Creating gradient animation with CSS

In this post, I will go through on how to create gradient animations for your web design using linear-gradient CSS function and keyframes

Apr 12, 2022 | Read time 6 minutes

🔔 Table of contents

In this post, I will go through on how to create gradient animations for your web design. Having the background gradient animations can make the design modern and grab the user’s attention at a specific area of the page.

For example, you can have a gradient background that animates on the hero or marketing section of the page.

We can also incorporate this into buttons or cards when people hover over.

How do we create background gradients?

Before figuring out how to animate the background, we first need to figure out how to create a background gradient. The simplest way to create a background gradient is with the CSS property:

  background: linear-gradient(#e66465, #9198e5);

linear-gradient is a CSS function that creates a image that transitions between two or more colours along a linear line (more info here:

So for the above code, we have a background that has a linear gradient of start colour #e66465 and end colour of #9198e5

The linear-gradient function can be even more complex examples. For example you can specify the angle of 45 degrees and go from blue to red:

linear-gradient(45deg, blue, red);

Another complex example is to specify the colour going from bottom to top, start with blue colour, turn green at 40% of the transition and finally finish transition into red:

  linear-gradient(0deg, blue, green 40%, red);

Background gradient animation with pure CSS

So now that we know how gradients work, we can add @keyframe animations to animate the gradient

The HTML that we need to create this effect is just making sure that we have body:


As with the CSS, it will look like the following. I will go through it line by line:

body {
	background: linear-gradient(-45deg, #ee7752, #e73c7e, #23a6d5, #23d5ab);
	background-size: 400% 400%;
	animation: gradient 5s ease infinite;
	height: 100vh;

@keyframes gradient {
	0% {
		background-position: 0% 50%;
	50% {
		background-position: 100% 50%;
	100% {
		background-position: 0% 50%;

The body stying, we use background: linear-gradient(-45deg, #ee7752, #e73c7e, #23a6d5, #23d5ab);. This means that we want the background to have a linear gradient of negative 45 degrees. The background will have 4 colours - starting with #ee7752, #e73c7e, #23a6d5, and finally finishing with #23d5ab.

We also want the background to be huge: background-size: 400% 400%;. The basic idea is that we have a huge background with 4 colours. So when viewing the background, you can only see one or two colours at a time. When we animate, we will move the background along the x axis (horizontal). This will give the impression that the gradient is animating.

To create the animation, we define the @keyframes gradient. This just animates the background along horizontally and repeats infinitely.

When the animation starts, we set background-position: 0% 50%;.

At the 50% @keyframe we move the background position 100% in the x axis (horizontal) and back to 0% at the end of the animation.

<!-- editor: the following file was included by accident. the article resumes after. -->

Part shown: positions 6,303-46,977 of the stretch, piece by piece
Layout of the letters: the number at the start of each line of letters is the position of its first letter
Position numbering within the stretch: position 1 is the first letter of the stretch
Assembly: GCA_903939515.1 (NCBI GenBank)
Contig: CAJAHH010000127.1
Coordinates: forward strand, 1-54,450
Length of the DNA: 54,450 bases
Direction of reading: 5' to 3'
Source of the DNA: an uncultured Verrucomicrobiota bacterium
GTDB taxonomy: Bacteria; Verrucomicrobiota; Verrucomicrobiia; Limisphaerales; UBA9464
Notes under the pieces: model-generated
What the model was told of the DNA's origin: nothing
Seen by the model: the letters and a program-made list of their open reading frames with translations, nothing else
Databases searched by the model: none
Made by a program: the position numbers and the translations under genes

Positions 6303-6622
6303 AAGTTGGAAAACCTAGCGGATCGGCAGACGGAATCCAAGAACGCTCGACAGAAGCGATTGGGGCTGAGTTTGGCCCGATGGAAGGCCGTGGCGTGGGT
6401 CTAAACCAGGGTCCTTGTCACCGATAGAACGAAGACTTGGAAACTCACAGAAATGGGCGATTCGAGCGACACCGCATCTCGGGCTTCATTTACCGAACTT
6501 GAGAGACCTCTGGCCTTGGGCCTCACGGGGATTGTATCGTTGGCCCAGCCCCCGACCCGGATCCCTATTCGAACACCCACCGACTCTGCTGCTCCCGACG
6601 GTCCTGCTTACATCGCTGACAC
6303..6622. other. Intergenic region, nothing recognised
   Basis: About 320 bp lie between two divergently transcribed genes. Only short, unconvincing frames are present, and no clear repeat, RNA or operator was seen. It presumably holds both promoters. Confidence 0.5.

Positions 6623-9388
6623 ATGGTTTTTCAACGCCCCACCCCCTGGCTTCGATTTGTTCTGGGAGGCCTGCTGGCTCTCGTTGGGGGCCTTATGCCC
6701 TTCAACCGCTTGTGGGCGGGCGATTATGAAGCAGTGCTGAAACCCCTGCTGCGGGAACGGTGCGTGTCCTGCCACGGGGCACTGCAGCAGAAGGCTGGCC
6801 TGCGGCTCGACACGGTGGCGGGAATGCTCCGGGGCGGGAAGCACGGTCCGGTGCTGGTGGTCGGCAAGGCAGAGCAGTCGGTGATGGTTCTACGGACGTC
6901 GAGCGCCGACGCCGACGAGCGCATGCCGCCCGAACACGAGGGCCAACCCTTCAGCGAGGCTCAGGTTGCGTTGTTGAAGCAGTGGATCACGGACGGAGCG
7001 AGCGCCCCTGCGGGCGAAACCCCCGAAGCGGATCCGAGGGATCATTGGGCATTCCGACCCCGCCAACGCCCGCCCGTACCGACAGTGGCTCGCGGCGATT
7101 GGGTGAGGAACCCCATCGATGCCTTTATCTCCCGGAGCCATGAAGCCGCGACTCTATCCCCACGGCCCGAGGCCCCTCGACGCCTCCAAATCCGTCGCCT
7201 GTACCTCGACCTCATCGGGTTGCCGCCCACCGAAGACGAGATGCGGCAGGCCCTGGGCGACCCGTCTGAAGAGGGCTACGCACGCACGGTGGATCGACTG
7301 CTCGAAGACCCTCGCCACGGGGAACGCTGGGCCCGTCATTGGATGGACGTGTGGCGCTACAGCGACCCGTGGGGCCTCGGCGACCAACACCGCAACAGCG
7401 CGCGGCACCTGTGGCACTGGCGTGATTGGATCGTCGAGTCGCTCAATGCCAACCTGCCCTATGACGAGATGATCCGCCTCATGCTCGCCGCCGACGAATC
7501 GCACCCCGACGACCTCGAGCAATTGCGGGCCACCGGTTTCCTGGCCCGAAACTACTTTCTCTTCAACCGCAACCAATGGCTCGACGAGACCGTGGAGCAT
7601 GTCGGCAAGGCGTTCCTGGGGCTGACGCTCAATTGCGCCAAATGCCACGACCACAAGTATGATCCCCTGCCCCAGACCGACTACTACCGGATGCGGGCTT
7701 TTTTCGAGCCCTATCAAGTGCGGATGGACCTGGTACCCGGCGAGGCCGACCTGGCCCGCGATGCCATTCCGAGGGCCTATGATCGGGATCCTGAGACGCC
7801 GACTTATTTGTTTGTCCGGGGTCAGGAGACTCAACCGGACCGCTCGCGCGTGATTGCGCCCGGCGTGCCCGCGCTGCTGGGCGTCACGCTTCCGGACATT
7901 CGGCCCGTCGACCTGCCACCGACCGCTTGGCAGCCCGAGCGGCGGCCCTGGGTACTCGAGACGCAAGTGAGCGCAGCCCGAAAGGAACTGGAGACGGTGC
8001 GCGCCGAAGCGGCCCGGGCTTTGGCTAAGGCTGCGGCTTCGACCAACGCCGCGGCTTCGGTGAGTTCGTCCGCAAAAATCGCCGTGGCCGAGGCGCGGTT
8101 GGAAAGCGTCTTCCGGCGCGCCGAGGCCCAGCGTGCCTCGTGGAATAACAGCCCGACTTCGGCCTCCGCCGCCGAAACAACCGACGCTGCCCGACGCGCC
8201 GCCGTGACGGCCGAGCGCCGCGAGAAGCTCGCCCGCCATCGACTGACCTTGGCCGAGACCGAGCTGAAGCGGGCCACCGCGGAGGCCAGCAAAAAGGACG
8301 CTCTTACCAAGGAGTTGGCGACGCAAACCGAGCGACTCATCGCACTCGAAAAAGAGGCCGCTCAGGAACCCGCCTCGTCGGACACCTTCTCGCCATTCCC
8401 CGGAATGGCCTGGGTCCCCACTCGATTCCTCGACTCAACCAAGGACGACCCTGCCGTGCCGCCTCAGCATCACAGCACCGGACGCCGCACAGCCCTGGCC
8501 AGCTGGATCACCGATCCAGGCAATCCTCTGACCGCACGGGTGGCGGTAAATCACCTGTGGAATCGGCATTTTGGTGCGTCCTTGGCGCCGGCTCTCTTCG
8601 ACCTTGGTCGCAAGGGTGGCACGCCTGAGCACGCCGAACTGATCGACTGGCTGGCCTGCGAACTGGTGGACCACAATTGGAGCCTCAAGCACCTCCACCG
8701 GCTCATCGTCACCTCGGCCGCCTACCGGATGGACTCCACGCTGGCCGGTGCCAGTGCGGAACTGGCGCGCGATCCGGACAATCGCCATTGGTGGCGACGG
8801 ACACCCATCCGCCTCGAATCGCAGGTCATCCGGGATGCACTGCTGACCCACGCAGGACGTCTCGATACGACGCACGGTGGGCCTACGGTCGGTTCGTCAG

Diagram to illustrate how to create css gradient animation

Note: that we need to move 100% along the x position when we are at the 50% - this is because we are making our animation to be infinite. Moving along to 100% of the x axis at the end of the animation will make it look janky.

Browser support

Since this technique relies on the linear-gradient function - it is mostly supported across modern browsers - even IE 10 and 11. Lower versions of IE will need to use the property:

-ms-filter: progid:DXImageTransform.Microsoft.Gradient()

Additionally keep in mind the angle parameter! Based on the MDN spec, value of 0deg is equivalent to to top; when we increase the values rotate clockwise from there.


linear-gradient(0deg, blue, green 40%, red);

However with some browser versions such as Safari or Opera angle is treated differently. For example on Safari 5-6, and Opera browsers, the angle starts to the right, instead of the top. For example, it considered an angle of 0deg as a direction indicator pointing to the right.

More information on support can be found here:

Some tips

  • Keep in mind animation principles with this since having too much of this in your design can ruin it. Make sure this effect supports your content - eg not animate for its own sake.
  • Make sure to use appropriate colours and contrasts. Keep to save web accessible colours to not disorient and confuse the user. For our example above, I would prefer to have white text for the purple/ blue background to keep high contrast.
  • Keep performance in mind when using this technique. Having @keyframes will add to your site’s performance cost and can reduce it further if you have a lot objects animating at the same time.

Final thoughts

Animating backgrounds with CSS can be a great way to grab a user’s attention or bring a design to be more modern.

We can acheive this by using a combination of linear-gradient CSS function and @keyframes. The basic idea is that we have a huge background with 4 colours that transition to create the gradient background. We will then animate this infinitely by moving the background horizontally - back and forth.

When coding this, make sure to keep in mind to use it sparingly, understand the colours, contrast and performance issues that could pop up.

Additionally since this technique relies on CSS gradient functions, we need to consider and cater for different browsers such as internet explorer, Safari, and Opera.

👋 About the Author

G'day! I am Huy a software engineer based in Australia. I have been creating design-centered software for the last 10 years both professionally and as a passion.

My aim to share what I have learnt with you! (and to help me remember 😅)

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